Rudolph E. Umland and the Federal Writers’ Project

The Federal Writers’ Project helped many writers get through the hard times of Great Depression. Rudolph Umland was one of many that helped the FWP publish thirty Nebraska-related books and pamphlets.

Rudolph E. Umland, remembered for his connection with the Depression-era Federal Writers’ Project (FWP) in Nebraska, published more than seventy-five short stories and articles and 150 book reviews during his writing career. Born in 1907 on a farm near Eagle, Cass County, he grew up during a period when work and dreams were scarce for American youth. He left the University of Nebraska in 1928 and spent the next four years roaming the country, working at any job he could find and writing when he could. He returned to his family’s farm in 1932 and tried to write a novel about his hobo experiences.

Umland’s first published contribution, a book review, appeared in the third edition of the NU literary magazine, Prairie Schooner, in 1927 and his first published short story in 1932. In 1936 he joined the WPA’s Federal Writers Project, serving first as an editor and later as assistant state and state supervisor.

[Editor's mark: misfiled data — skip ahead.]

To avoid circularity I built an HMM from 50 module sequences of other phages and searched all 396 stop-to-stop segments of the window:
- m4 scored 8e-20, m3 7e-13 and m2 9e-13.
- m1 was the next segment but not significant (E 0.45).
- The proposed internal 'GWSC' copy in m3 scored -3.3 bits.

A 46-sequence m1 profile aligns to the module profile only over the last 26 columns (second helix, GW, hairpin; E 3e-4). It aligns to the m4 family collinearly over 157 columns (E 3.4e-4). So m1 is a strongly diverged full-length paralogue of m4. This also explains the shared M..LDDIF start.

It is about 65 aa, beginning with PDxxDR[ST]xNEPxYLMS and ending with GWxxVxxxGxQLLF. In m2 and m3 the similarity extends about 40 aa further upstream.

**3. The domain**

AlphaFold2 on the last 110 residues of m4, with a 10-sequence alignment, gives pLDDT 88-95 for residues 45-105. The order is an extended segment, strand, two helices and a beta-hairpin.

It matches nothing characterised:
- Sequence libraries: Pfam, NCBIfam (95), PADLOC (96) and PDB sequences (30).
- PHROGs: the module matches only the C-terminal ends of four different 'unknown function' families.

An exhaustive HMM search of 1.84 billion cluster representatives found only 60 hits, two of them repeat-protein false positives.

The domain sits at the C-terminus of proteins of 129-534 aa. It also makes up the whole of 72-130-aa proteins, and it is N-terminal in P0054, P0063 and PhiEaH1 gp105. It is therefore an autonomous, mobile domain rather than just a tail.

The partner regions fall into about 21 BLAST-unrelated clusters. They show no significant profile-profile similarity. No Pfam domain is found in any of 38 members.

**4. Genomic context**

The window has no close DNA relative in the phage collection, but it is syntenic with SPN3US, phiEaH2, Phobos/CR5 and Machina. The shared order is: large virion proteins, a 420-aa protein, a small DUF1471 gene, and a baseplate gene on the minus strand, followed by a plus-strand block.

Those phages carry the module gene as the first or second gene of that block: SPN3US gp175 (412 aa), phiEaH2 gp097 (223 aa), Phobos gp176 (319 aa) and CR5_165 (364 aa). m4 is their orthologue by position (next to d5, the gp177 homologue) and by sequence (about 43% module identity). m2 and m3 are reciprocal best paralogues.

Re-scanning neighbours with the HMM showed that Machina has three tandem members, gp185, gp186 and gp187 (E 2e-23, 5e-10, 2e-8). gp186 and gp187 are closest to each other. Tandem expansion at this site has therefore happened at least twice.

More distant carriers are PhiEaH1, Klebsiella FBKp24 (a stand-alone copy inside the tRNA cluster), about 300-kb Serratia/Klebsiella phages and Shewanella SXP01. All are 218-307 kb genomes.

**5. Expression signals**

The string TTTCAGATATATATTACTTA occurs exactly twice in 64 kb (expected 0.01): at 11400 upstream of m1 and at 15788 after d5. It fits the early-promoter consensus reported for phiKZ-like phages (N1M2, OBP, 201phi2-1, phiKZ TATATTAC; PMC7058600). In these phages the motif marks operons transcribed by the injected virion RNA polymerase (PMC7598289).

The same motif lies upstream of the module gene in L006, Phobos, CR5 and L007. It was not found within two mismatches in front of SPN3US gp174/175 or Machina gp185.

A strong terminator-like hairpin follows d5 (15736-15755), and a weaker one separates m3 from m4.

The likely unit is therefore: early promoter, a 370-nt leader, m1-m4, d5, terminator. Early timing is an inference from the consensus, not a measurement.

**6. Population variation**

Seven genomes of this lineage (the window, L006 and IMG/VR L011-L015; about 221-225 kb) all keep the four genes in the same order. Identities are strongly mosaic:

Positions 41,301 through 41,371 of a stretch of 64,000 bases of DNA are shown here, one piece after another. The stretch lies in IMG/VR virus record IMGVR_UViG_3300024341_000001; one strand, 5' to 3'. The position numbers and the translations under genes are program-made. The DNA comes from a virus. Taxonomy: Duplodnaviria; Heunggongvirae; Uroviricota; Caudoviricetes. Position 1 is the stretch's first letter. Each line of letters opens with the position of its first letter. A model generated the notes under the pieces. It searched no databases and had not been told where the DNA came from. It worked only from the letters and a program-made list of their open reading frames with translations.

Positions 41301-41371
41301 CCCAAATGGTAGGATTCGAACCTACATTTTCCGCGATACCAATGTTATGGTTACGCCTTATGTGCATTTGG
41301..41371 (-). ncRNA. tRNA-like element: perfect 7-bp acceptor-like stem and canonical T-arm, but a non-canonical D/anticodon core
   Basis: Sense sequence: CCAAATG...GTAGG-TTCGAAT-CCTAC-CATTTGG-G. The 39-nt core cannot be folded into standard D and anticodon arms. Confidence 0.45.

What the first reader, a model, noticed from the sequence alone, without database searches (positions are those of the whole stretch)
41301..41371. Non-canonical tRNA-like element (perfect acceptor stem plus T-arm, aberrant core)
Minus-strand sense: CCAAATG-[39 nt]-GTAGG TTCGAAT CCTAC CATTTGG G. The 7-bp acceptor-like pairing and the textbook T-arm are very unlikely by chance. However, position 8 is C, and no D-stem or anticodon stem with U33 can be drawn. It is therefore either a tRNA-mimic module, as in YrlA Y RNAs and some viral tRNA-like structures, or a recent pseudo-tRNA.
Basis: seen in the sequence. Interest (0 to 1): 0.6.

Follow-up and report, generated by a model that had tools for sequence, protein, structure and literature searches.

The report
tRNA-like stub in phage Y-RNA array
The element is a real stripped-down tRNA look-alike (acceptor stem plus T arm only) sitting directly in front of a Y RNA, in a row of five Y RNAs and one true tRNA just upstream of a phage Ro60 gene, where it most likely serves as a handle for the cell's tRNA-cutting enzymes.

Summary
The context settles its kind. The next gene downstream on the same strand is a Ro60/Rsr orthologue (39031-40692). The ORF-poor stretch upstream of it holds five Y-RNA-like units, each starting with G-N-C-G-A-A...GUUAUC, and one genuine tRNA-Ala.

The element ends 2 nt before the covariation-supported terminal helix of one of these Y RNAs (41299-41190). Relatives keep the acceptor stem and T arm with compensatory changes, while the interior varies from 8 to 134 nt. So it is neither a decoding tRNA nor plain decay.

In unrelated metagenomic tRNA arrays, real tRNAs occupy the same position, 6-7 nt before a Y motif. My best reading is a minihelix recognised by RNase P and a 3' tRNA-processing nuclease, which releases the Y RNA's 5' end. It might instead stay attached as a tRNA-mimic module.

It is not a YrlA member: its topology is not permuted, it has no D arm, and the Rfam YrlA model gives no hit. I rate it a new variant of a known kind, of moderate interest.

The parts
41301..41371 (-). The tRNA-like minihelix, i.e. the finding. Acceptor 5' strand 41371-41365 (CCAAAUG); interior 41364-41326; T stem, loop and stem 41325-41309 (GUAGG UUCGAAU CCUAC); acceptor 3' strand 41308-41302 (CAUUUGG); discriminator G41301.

The FWP had been initiated in 1935 under the auspices of the Works Progress Administration to provide a modest income for unemployed writers and other white-collar professionals. In Nebraska, it produced about thirty books and pamphlets, including Nebraska: A Guide to the Cornhusker State, published in 1939 as part of the WPA American Guide Series.

When World War II began, Umland went to work for the U.S. Postal Censorship Station in New Orleans and later worked for the Veterans Administration in Lincoln and for the Social Security Administration in Kansas City, where he also reviewed books for the Kansas City Star and the Kansas City Times. He died in Lincoln in 1993.

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